During this morning's chores, the mixer wagon was loaded with a variety of feedstuffs - probably corn, soybean meal, corn silage and cottonseed, among other things. Did the issue of milk quality enter your mind as feed ingredients were purchased and cows fed?

Obviously, a top-notch feeding program is important for healthy immune systems, optimum milk production, and profitable levels of protein and fat in milk. But, are there other milk quality factors to consider when purchasing feedstuffs, putting together rations and feeding cows? If you've ever tasted milk after a group of cows got into a patch of garlic, you'll agree that what you feed may impact milk quality.

Recently, there has been a great deal of discussion about biotech crops. Many producers raise or feed them from Bt corn to Roundup Ready(r) soybeans and meal. Today, the list of biotech plants that have been successfully reviewed by the U.S. regulatory system exceeds 50; Canada's approval list is substantial, also. However, for social reasons, the list of approved biotech crops in some other countries is not quite as extensive.

To protect domestic and export markets for our dairy products, many have asked me whether feeding biotech crops will allow others to differentiate their milk from milk sold by producers who don't feed biotech crops. The short answer today is, "no," but I encourage you to read on for more insight into this Dairy Quality Link.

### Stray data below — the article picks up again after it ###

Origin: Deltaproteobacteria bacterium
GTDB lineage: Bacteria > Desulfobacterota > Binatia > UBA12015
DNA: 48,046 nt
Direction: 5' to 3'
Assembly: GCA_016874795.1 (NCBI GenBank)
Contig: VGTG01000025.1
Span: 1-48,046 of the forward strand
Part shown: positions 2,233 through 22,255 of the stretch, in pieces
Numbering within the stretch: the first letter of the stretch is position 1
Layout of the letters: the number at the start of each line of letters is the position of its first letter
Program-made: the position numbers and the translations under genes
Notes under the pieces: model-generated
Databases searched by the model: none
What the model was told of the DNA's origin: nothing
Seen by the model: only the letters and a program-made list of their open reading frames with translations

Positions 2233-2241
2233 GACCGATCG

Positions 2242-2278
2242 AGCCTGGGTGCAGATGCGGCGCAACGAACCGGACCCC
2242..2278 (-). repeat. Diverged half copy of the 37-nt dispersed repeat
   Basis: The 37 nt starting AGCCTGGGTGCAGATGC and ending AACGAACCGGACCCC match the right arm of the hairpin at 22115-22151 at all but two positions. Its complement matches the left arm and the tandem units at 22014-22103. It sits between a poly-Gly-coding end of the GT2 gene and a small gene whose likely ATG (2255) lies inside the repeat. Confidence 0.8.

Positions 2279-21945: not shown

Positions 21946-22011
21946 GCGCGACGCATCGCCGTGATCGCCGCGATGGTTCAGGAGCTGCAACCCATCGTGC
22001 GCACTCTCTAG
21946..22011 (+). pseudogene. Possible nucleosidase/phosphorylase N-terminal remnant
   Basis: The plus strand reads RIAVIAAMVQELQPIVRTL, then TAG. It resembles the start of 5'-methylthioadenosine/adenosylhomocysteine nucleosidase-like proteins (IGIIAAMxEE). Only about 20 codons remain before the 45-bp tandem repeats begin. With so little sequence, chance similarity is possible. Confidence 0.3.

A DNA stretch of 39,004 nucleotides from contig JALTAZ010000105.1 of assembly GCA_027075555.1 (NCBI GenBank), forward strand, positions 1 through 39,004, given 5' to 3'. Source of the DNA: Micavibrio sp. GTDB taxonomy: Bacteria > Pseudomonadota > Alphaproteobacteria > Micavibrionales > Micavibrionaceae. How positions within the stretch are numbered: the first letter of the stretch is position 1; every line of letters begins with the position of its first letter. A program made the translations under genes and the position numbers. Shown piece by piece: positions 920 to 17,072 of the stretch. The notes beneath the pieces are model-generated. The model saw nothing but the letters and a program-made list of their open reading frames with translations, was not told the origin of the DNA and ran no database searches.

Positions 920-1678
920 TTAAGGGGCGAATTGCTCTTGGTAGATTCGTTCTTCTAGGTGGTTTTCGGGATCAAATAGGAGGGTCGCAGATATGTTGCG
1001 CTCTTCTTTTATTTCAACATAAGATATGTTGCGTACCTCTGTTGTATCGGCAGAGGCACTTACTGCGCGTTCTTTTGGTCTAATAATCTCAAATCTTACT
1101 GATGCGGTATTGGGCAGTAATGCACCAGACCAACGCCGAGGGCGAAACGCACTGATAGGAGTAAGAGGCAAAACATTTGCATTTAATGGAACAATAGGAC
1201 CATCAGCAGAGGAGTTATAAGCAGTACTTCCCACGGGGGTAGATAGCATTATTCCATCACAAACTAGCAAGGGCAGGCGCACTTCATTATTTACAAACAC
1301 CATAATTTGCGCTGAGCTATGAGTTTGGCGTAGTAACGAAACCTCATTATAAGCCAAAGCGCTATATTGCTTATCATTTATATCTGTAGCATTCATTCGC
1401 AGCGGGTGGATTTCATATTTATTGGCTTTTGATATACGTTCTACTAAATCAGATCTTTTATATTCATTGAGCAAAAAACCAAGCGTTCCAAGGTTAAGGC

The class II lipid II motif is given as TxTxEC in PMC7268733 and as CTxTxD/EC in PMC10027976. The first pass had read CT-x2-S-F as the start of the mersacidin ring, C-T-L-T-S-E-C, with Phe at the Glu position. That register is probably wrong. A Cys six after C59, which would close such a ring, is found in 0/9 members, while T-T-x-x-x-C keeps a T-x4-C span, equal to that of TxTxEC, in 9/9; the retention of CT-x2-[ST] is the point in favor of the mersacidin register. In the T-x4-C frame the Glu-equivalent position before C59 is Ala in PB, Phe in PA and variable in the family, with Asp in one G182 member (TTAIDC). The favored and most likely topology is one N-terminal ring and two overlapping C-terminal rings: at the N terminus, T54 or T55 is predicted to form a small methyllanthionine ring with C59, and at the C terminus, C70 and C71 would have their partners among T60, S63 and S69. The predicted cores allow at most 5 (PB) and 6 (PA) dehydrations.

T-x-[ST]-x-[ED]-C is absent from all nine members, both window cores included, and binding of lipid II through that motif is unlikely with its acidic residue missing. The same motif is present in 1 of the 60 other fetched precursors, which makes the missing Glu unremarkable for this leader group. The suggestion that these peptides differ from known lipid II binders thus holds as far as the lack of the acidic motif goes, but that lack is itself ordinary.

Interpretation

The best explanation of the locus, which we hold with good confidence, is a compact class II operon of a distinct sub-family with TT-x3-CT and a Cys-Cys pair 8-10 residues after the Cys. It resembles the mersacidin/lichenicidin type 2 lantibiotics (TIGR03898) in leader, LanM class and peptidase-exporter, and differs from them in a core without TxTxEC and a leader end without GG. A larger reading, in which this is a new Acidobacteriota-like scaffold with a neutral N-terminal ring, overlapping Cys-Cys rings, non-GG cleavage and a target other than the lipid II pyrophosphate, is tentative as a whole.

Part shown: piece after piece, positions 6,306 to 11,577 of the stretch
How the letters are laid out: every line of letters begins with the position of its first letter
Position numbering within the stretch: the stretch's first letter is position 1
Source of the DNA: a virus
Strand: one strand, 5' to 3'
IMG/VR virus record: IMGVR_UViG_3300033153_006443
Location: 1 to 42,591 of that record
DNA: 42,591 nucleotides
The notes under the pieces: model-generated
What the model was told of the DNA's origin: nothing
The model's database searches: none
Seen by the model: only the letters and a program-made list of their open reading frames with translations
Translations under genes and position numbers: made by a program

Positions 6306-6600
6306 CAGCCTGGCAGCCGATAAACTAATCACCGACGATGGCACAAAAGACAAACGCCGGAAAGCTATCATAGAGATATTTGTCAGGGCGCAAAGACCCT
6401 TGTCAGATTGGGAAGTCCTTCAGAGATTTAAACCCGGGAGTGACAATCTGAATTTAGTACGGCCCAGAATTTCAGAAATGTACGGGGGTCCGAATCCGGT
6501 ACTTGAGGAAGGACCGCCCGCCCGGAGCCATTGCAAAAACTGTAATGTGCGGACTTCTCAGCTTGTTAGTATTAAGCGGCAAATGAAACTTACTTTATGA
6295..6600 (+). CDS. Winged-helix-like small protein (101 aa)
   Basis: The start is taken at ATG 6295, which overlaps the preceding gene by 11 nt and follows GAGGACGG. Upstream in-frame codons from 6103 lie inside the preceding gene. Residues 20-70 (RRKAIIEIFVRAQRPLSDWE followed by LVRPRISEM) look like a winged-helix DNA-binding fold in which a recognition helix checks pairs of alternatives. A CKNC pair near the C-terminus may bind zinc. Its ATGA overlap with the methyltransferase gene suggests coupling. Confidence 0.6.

This issue is likely to become more important as the list of available biotech crops lengthens. And the dairy industry needs to know how to reply when neighbors, farm visitors, friends, and even off-the-farm family members ask questions.

As we all have heard by now, biotech crops that are available commercially today include a novel gene or genes that allow the plant to exhibit specific characteristics. Some biotech crops are resistant to pests like the European Corn Borer; others are tolerant of herbicides such as Roundup(r).

The novel genes in today's roster of biotech crops allow the plants to produce unique proteins that normally are not present, conferring upon the plants desirable traits such as pest resistance, herbicide tolerance, and eventually improved nutritional value.

Can a marketer, retailer, or exporter check your milk to see whether your cows have been exposed to these novel proteins in biotech plants?

At Iowa State University, we conducted a study to look at this. Cows in our dairy herd were fed rations that contained either normal corn or biotech corn from one of two different Bt hybrids. Throughout the two-week study, we collected milk samples from all cows. When these milk samples were analyzed, no Bt proteins were detected. Other studies have since been completed, and have reported similar findings - no transgenic proteins have been detected in milk from cows fed Bt corn or Roundup Ready(r) soybean meal. Further, our work, as well as results from numerous other studies have detected no differences in composition of milk when cows are fed biotech crops.

What's the bottom line? At this time and for today's roster of biotech crops, milk from cows fed biotech and non-biotech crops cannot be differentiated.

If we think about it, we don't expect to find proteins that have passed through the digestive system to be intact in milk. So, these research results are no surprise. However, studies such as these are important to dairy producers who are actively working to improve their Dairy Quality Link.

Marj Faust is an associate professor and extension dairy specialist at Iowa State University.